Seminaries Tightening Belts Amid Crisis

When 85 new students enrolled this fall at Wartburg Theological Seminary in Dubuque, Iowa, the numbers were “beyond our wildest dreams,” said President Duane Larson. But the Lutheran school’s board, looking at a 35 percent drop in its endowment value and a similar decline in individuals gifts, also had to face up to stark financial realities.

The stock market downturn and tightened credit forced the board to take actions that its directors had contemplated earlier because of budget problems over the past decade. 
Wartburg announced last month that it will suspend its Master of Arts program “until it can be better funded.” Also suspended was a Master of Divinity program in Austin, Texas, that was cosponsored by the Lutheran School of Theology at Chicago. “It had low enrollments in recent years,” Larson said in an interview.
Overall, three faculty posts were eliminated, as were six full-time and part-time staff positions. “We are deeply grieved that dear colleagues will be leaving Wartburg at the end of this academic year,” said Larson.
Other seminaries in the 250-member Association of Theological Schools will likely be looking for ways to cut costs next year, said ATS executive director Daniel Aleshire in an interview. Schools with preexisting money problems or those that drew on endowment reserves too heavily will especially feel the pain, he indicated.
Aleshire, after conferring with ATS chief financial officer Chris Meinzer, acknowledged that there are peculiar conundrums bedeviling finance officers at many seminaries in North America. He listed some:
• “Because tuition is received in early fall and early winter, many schools need a line of credit to maintain cash flow during the year,” Aleshire said. Though credit lines have been easy to obtain, some schools could have difficulty continuing existing lines or handling added interest costs for money they do borrow.
• Most ATS schools take part in the federally guaranteed student loan program, and that program requires schools to maintain certain ratios between assets and operating budgets. The dramatic downturn in the stock market might make some schools’ budgets too large in relation to a reduced endowment, and thus endanger their participation in the loan program.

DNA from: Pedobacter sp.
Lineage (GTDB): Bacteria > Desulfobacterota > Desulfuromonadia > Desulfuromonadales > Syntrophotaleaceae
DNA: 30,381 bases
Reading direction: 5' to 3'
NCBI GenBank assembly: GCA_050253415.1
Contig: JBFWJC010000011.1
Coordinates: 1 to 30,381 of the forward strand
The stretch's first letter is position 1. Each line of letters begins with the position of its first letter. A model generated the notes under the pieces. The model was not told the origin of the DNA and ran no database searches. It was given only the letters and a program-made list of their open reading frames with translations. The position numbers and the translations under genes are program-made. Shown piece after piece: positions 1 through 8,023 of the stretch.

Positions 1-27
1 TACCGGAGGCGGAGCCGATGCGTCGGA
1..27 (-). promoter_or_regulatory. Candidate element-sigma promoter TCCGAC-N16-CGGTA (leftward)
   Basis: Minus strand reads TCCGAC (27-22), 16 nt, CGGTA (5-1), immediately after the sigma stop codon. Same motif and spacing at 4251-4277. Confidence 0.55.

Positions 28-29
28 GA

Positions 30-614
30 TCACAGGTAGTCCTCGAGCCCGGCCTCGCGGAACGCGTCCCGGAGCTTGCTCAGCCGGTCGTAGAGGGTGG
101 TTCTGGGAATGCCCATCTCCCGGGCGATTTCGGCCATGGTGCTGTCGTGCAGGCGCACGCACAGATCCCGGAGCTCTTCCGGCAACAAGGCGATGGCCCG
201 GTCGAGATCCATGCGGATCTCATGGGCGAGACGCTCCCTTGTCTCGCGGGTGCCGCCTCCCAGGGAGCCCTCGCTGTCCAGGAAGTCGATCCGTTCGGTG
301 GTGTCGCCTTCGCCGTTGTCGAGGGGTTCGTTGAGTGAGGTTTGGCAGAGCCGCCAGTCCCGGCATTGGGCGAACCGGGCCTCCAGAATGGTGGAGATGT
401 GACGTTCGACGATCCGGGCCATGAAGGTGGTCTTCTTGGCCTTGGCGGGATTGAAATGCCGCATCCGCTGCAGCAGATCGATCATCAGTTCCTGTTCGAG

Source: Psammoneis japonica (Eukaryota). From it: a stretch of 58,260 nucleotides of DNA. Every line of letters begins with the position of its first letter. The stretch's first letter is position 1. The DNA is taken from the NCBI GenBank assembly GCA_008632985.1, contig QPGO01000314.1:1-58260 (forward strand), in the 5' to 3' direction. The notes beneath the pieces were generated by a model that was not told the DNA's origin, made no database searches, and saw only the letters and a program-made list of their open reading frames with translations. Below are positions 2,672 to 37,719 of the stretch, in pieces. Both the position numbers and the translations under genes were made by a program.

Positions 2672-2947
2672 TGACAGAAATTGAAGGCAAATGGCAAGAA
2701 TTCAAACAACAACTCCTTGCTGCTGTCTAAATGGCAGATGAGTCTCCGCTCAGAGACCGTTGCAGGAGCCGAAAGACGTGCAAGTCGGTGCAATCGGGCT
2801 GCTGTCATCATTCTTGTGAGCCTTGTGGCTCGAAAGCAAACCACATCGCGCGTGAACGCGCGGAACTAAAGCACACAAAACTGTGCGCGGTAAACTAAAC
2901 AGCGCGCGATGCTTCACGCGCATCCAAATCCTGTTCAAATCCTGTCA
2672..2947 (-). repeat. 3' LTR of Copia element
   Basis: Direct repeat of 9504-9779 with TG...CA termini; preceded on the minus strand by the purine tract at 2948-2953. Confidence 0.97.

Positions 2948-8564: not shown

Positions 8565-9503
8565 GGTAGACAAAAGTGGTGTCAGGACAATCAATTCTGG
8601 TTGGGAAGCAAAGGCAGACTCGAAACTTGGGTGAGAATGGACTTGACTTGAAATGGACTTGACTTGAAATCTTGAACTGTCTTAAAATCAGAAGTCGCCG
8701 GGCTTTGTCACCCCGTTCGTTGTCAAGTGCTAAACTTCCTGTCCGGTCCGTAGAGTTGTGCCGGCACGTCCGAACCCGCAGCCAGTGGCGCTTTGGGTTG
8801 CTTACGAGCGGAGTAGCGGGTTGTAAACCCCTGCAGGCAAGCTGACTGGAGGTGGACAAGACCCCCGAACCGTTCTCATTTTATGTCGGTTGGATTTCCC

• Some evidence indicates that private education loans from banks are “less available than they have been in the past,” Aleshire said. Some students who are unable to obtain loans may have to suspend their seminary studies for a while.
In addition, he said, some large gifts for scholarships carry restrictions stipulating that only the interest may be used for student aid. A school that invested a gift of $1 million in equities would have a problem at present. “In most states, the school is required to maintain the value of the restricted gift,” meaning that the seminary cannot spend any of the money in the depleted fund.
In announcing its cutbacks, Wartburg Theological Seminary, one of eight theological schools aligned with the Evangelical Lutheran Church in America, said after its November 6-7 board meeting that the market crisis “had a grave impact on our endowment and financial status.” Rita Dudley, who chairs the board, added that the directors were “fully committed to ensuring the successful mission of Wartburg . . . long beyond these challenging economic times.” 
Established in 1854, Wartburg–like its sister ELCA seminaries–boasts of providing theological education of high quality “at the lowest per student cost among all denominations.” Within the ELCA, the Iowa school “is routinely near the top in numbers of graduates sent into ordained ministry.”
Source: The Christian Century
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